For management purposes and to satisfy public curiosity, it is essential to determine the number of deer taken by hunters each fall season. Harvest by hunters constitutes one of the most significant mortality factors affecting Nova Scotia's deer herd size.
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To determine as precisely as possible the legal harvest of white-tailed deer in Nova Scotia.
In 1989, 93 Deer Registration Stations were established at convenient locations throughout the province. These amount to an arrangement with service stations, convenience store owners, etc., that have agreed to fill in a detailed registration form for each hunter reporting having taken a deer. The incentive for hunters to comply is by legislative regulation....on the way home from hunting or within 48 hours. Each hunter must pay one dollar to register a deer. The money is retained by the vendor for service provided. Registration forms are collected weekly by DNR staff. All stations are well signed and listed within the Hunting Summary booklet issued to each hunter upon purchase of their base license. Harvest data provides the ability to compare hunter success, kill by county and Deer Management Zone, kill by dates, sex of animal taken, adult or fawn, and hunting method from, year to year.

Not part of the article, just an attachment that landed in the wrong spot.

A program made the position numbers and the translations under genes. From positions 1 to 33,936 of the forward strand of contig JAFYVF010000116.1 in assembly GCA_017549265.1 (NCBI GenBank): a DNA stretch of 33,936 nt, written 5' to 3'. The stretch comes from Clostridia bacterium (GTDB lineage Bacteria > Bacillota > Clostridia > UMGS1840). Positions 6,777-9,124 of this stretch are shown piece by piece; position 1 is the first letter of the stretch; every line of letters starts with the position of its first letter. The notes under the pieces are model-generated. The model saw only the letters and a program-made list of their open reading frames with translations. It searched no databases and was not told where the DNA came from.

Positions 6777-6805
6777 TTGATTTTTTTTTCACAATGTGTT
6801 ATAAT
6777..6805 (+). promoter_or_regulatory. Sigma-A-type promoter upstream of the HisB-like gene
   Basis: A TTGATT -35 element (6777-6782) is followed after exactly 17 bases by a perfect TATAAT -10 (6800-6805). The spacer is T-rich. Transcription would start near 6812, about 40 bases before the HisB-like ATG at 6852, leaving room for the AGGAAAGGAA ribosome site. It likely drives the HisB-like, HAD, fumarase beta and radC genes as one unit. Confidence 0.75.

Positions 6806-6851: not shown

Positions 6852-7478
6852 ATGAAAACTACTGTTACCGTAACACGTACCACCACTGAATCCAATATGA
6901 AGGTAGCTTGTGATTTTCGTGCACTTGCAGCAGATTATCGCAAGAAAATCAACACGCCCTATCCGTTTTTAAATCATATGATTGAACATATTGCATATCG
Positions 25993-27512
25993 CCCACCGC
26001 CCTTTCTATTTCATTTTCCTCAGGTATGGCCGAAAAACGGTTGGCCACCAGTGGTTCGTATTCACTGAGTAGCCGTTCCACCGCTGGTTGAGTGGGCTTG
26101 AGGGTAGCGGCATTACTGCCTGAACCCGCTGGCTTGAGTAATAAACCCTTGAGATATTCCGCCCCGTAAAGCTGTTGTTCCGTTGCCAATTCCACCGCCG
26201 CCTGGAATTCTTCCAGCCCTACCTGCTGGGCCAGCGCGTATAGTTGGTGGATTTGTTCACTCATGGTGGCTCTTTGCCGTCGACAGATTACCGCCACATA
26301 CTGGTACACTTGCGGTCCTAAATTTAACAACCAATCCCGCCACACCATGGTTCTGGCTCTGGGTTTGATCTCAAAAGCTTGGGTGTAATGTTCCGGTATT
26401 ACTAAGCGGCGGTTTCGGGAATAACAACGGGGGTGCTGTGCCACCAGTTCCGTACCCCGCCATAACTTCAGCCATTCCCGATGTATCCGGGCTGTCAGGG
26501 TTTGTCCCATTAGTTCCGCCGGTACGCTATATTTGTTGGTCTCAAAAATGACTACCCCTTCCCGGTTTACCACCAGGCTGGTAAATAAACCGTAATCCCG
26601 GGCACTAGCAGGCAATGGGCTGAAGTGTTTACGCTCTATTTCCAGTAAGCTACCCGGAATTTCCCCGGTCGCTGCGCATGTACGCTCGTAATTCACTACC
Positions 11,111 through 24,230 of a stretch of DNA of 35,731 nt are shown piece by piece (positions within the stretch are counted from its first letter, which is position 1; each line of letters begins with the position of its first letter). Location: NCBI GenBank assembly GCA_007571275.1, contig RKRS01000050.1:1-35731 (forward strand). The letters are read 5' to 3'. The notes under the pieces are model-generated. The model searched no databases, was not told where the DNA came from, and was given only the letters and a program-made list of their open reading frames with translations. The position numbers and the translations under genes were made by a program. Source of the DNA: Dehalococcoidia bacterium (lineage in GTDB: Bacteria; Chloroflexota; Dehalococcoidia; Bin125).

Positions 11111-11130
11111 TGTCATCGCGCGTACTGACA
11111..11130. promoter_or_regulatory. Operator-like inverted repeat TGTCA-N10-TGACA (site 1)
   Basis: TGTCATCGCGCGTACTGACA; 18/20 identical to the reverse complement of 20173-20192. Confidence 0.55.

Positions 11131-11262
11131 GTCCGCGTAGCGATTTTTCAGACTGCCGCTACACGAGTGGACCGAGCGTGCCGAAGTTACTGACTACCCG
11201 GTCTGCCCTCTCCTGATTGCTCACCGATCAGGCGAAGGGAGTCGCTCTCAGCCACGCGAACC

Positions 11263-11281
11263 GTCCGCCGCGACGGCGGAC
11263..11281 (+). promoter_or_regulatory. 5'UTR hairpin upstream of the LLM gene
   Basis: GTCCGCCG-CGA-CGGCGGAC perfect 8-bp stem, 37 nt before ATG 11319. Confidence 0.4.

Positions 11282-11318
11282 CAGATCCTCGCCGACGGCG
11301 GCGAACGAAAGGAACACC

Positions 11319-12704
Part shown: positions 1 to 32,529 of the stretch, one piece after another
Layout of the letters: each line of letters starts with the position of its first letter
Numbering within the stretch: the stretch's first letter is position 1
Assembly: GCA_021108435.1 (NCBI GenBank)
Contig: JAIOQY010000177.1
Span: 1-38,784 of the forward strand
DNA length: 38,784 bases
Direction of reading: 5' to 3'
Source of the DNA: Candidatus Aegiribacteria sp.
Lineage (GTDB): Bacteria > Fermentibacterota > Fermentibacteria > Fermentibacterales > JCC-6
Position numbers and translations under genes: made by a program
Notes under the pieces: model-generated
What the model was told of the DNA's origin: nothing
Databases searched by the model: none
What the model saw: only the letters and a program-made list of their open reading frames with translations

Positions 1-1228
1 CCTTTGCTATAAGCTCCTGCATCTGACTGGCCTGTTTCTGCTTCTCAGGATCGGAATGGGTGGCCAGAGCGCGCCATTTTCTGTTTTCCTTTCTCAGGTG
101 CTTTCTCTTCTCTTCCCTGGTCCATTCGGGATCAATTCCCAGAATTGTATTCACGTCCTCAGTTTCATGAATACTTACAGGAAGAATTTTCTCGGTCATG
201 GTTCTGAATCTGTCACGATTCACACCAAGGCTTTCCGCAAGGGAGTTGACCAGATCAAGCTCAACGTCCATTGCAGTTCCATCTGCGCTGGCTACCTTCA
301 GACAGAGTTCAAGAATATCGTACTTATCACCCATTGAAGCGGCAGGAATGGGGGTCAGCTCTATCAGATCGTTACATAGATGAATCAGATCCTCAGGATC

Successful hunters, Deer Registration Station agents and Regional Services - Department of Lands and Forestry.
Project Dates and Duration
Registration stations are operational during open seasons for deer hunting and closed 48 hours after the close of the last day of hunting.
Progress to Date
During the fall of 1999, 15,818 deer were registered by hunters. This number represents a 22.8% increase over the harvest of 1998 with hunter success increasing from 23.8 to 28.3%.
Annual reports available to senior administration and to the public through media, public presentations on deer management, through a report to the Nova Scotia Federation of Anglers & Hunters and through Department of Lands and Forestry, Wildlife Division.
This program must be continued as it provides essential information for management decision making. In future, when an improved, fully unique Hunter Identification Number becomes available, it may be possible to replace this system with a more in depth and efficient hunter reporting system through the use of Interactive Voice Response phone technology.
Annual, as above, but not complete until about April when license sales figures become available
Completion Date: Ongoing: annual